The San Francisco Museum of Modern Art’s “Field Conditions,” curated by Assistant Curator of Architecture and Design Joseph Becker, is named after architect Stan Allen’s essay of the same name. Allen’s “field” is a landscape of “forces and not material,” the rule based systems at work in the universe (Allen 8). Installations, drawings and video by artists including Tauba Auerbach, Rafael Lozano-Hemmer, Daniel Libeskind, Ruth Jarman, and Joe Gerhardt. The works are tied to intensely rule-based fields, such as astronomy, architecture, computer science, and physics, and illustrate the field’s rules and functions. While the scale changes within the exhibit, “Field Conditions” shows the natural system’s (including our feeble human brains) propensity for order.



C.E.B. Reas, "Process 7" (detail), 2010; multimedia; dimensions variable. Image via archdaily.


The most explicit example is C.E.B. Reas’ “Process 7”, a piece of a 18-part series of written rules demonstrated with simple software visualizations. There are components of “Process’” reality, which Reas refers to as The Library:


F1: Circle
F2: Line


B1: Move in a straight line
B2: Constrain to surface
B3: Change direction while touching another Element
B4: Move away from an overlapping Element
B5: Enter from the opposite edge after moving off the surface
B6: Orient toward the direction of an Element that is touching
B7: Deviate from the current direction



E1: F1 + B1 + B2 + B3 + B4
E2: F1 + B1 + B5
E3: F2 + B1 + B3 + B5
E4: F1 + B1 + B2 + B3
E5: F2 + B1 + B5 + B6 + B7


And rules specific to “Process 7”, combining parts of the components:


A rectangular surface filled with varying sizes of Element 1. Draw a line from the centers of Elements that are touching. Set the value of the shortest possible line to white and the longest to black, with varying grays representing values in between. Draw the perimeter of each Element as a black line and the center as a white dot.


As the work progresses in duration, the path of the two-dimensional lines are recorded temporally as the process unfolds. It looks like synapses forming. In the visualization of time and space, the rules from which the rule-based visualization is derived are difficult to discern, but new patterns emerge as connections are formed and fade. Shown simultaneously, you can see its mechanics and their growing effects.






Ruth Jarman, and Joe Gerhardt’s “20 Hz” visualizes the sounds from a “geo-magnetic storm occurring in the Earth’s upper atmosphere” (Semiconductor). The spectral, futuristic, and familiar sounds’ symmetry and repeating component parts are mesmerizing. These ringed waves are at the transition point between the silence of space and our seemingly fast-moving and chaotic world.



Nice jacket. Tauba Auerbach’s “50/50 Floor” Rafael Lozano-Hemmer’s “Homographies” at the San Francisco Museum of Modern Art.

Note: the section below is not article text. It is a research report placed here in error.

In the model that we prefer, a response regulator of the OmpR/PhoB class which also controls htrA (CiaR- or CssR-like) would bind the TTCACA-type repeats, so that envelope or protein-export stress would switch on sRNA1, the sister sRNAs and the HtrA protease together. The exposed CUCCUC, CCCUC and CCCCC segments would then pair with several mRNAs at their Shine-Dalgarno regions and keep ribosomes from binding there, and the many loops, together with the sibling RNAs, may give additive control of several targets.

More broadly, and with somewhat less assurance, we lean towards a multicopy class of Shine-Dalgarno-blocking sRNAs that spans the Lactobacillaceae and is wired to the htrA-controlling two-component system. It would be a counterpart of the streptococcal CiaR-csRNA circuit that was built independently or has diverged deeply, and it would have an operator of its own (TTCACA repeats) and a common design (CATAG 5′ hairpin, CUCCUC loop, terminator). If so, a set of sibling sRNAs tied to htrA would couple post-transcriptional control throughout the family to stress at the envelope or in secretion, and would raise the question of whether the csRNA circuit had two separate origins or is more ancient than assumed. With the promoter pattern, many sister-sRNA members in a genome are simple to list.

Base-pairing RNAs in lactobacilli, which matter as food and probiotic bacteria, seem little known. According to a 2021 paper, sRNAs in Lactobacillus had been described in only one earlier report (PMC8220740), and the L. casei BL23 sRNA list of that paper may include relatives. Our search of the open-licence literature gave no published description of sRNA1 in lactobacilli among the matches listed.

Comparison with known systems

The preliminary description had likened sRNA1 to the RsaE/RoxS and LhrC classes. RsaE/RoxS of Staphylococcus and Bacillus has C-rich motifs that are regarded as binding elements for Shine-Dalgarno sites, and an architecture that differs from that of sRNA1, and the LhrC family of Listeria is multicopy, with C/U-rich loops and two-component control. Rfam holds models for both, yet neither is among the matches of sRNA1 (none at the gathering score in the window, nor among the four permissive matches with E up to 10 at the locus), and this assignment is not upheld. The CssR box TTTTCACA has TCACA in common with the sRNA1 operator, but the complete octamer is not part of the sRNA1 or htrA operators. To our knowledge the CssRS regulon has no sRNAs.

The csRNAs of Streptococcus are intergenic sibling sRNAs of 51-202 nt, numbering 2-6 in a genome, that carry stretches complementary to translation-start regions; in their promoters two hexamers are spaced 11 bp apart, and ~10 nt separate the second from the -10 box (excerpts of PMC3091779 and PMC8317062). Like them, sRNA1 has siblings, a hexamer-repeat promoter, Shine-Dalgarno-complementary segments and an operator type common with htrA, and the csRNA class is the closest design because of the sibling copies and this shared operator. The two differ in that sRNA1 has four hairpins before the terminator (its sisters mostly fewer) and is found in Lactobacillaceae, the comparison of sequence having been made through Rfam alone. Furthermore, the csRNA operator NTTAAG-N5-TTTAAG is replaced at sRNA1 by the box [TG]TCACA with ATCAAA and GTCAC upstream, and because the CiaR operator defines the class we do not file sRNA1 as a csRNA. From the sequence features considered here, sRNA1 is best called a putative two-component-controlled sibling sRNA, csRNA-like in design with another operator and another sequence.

The forces at work in Tauba Auerbach’s “50/50 Floor” (2008) and Rafael Lozano-Hemmer’s “Homographies” (2006) were apparently paired without the artists’ involvement. Auerbach’s conceptual piece fits the dimensions of the floor on which its black and white tiles are randomly laid. If you look long enough, imperfect patterns emerge in the floor, though that’s mostly your brain’s propensity to simplify and organize. It’s hard to focus on “50/50 Floor” as Lozano-Hemmer’s lights makes the tiles appear to undulate. The fluorescent lights of “Homographies” rotate in response to the visitors walking below them. The lights’ rules are the dominant system in the room, but without them the floor would be less fun. Fluorescent light is institutional, and it feels as though you under surveillance, but the light’s movement reveals an organic path and pattern of activity within the gallery; on a museum floor without vitrines, nearly everyone walks a straight line to the next gallery entrance.


“Field Conditions” shows the rules at work in the world around us, and teaches the viewer how to recognize them. Reas’ shows the evolution of rules’ effect on each other. Observing Auerbach’s “50/50 Floor” and Lozano-Hemmer’s “Homographies” is an opportunity to practice finding the patterns in your mind and the people around you. Each piece in the exhibit is only really differentiated by the scale of the process it visualizes. There’s a great reward in taking them all in and seeing how things work.


“Field Conditions” is on view at the San Francisco Museum of Modern Art through January 6, 2013.




-Kendall George







Allen, Stan. “Article by Stan Allen.” Assemblage 41 (2000): 8.


Gerhardt, Joe, Ruth Jarman. 20 Hz. 2012. Semiconductor. 11 September 2012.


Reas, C.E.B. “Process Compendium,” Texts. Reas. 20 August 2010. Web 27 September 2012.


Images, in order of appearance:


Reas, C.E.B. “Process Compendium (Introduction)”, Casey Reas. Vimeo. 2011. Web 30 September 2012.


Reas, C.E.B. Process 7 (detail), 2010; multimedia; dimensions variable. Image via archdaily. 30 September 2012. conditions/sfmoma_fieldconditions_04_cebreasdetail2/


Gerhardt, Joe, Ruth Jarman. 20 Hz. 2012. Semiconductor. 11 September 2012


George, Kendall. Tauba Auerbach’s “50/50 Floor” Rafael Lozano-Hemmer’s “Homographies” at the San Francisco Museum of Modern Art. 2012.